For public educators there is certainly pressure to provide, within an equity framework, a greater element of choice for parents and to better address their anxieties, both real and imagined. After all, if my child is special (and they all are) can I really be sure that the local comprehensive school is good enough? Some of the answer lies in specialisation along the lines established in England by the Specialist Schools Trust, provided that such specialisation isn't accompanied by discrimination in enrolments (something which is exacerbated by local control over admissions). We would also need to make sure that selective schools are part of the solution and not part of the problem.

Finally the enduring oddity in our evolving landscape of schools is that we have never really had a national (and rational) debate about the issues increasingly emerging in the public-private divide. We need to audit the benefits and costs of current public policy. I believe that an audit would show that current frameworks, by default or (as some argue) by design, are condemning one sector to struggle and enabling the other to succeed.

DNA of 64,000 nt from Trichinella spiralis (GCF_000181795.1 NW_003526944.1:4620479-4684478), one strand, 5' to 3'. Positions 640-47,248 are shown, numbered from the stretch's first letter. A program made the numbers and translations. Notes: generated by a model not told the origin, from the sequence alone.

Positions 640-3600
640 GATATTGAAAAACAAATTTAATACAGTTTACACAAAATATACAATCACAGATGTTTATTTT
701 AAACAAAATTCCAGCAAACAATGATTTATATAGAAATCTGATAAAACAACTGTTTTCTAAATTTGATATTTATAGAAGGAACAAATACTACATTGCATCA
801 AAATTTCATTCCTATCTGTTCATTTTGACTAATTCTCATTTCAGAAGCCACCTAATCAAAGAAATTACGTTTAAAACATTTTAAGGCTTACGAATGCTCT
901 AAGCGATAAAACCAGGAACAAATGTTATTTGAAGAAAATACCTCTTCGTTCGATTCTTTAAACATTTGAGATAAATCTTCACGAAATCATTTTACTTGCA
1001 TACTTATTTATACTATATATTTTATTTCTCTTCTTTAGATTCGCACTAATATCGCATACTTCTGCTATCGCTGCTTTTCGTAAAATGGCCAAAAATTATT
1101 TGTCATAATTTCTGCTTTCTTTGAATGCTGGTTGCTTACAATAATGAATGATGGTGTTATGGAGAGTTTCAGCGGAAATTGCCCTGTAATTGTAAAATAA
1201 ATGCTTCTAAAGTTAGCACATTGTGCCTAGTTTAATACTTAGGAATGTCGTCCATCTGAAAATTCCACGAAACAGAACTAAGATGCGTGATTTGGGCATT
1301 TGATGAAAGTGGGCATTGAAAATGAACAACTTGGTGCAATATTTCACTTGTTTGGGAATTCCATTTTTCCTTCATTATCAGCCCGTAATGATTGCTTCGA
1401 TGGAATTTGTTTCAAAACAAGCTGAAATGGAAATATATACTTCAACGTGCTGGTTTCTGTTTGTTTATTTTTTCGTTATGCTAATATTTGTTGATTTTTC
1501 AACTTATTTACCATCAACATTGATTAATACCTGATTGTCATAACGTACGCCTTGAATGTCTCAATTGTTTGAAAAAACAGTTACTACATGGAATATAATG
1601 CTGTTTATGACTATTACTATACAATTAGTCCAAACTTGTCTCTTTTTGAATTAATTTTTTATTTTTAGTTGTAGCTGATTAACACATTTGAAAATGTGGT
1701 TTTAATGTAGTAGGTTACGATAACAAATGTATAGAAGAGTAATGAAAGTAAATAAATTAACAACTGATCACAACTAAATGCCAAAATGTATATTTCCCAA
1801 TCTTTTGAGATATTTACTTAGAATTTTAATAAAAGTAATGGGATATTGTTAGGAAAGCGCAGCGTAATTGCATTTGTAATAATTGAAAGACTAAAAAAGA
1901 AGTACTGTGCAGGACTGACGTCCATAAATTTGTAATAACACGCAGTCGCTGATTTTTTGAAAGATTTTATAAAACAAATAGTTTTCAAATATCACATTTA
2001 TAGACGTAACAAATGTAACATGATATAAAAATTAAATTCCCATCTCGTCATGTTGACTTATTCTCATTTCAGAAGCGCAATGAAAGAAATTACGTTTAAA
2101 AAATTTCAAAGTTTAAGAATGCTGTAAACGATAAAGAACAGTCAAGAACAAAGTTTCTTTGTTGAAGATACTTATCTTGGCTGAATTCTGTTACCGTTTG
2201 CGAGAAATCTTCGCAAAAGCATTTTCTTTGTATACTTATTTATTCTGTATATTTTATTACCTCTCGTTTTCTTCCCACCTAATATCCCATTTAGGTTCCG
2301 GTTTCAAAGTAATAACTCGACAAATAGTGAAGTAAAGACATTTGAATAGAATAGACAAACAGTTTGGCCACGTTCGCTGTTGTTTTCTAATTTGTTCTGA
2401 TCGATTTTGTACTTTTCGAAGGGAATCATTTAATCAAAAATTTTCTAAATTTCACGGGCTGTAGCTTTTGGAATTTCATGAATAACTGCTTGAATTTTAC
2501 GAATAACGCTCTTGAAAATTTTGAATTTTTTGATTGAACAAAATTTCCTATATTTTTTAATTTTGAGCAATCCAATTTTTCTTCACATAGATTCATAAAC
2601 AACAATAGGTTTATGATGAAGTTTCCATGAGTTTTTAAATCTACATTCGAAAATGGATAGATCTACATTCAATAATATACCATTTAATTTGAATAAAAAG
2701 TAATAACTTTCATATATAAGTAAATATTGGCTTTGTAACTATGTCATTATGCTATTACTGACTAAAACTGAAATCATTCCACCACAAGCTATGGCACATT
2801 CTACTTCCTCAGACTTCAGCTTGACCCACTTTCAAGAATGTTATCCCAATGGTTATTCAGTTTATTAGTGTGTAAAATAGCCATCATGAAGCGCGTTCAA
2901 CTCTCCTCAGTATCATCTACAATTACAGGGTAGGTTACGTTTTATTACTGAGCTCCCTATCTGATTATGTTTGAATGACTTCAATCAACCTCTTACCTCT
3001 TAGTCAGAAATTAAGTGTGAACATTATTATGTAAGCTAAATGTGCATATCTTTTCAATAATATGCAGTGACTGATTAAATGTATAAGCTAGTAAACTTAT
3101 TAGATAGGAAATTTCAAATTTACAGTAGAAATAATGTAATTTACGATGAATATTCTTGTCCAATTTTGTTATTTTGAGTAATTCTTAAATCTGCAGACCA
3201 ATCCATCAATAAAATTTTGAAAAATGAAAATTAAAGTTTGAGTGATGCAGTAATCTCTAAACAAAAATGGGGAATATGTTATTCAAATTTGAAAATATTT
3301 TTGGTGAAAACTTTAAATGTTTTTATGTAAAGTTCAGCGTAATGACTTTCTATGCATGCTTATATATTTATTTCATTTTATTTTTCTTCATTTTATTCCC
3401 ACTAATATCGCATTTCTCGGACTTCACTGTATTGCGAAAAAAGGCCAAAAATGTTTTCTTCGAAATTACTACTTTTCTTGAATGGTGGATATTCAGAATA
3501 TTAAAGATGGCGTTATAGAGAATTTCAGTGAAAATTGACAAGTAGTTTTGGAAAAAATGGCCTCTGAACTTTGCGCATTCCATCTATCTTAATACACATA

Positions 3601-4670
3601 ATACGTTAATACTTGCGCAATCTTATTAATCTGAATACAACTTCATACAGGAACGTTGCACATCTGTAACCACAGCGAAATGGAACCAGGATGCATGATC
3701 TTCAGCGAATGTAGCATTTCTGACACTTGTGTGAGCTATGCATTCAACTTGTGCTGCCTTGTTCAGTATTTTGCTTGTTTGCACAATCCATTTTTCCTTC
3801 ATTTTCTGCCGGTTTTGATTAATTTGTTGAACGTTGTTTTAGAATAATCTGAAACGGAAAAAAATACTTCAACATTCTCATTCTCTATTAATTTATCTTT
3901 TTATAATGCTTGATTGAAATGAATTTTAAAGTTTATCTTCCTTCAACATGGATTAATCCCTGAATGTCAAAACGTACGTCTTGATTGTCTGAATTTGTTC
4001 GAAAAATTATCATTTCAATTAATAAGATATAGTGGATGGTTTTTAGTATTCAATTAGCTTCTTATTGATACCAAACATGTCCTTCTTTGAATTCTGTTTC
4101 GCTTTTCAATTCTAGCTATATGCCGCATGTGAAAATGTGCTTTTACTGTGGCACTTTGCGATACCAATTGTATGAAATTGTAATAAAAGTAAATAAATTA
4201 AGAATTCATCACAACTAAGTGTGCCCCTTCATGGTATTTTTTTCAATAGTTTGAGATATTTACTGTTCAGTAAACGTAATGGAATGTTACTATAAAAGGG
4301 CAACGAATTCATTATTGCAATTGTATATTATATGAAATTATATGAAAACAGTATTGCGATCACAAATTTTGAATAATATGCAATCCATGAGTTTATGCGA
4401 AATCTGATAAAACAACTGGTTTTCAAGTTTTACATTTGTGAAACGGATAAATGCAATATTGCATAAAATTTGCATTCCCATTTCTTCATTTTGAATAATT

The questions we need to address really depend on one's view of the purpose of public funding. If we believe, as do many policy writers in the Centre for Policy Development, that public funds must be used to create and sustain our common wealth, then the key questions about funding and schools are:

  • What is ‘public' in education: what does public mean in terms of values, curriculum, obligation, operation and accountability?
  • Should funding be directed, in whole or in part, only to those schools which demonstrate a commitment to ‘public' education?
  • If this is the case, what policy changes might be needed to ensure a commitment to what would amount to a public charter for schools?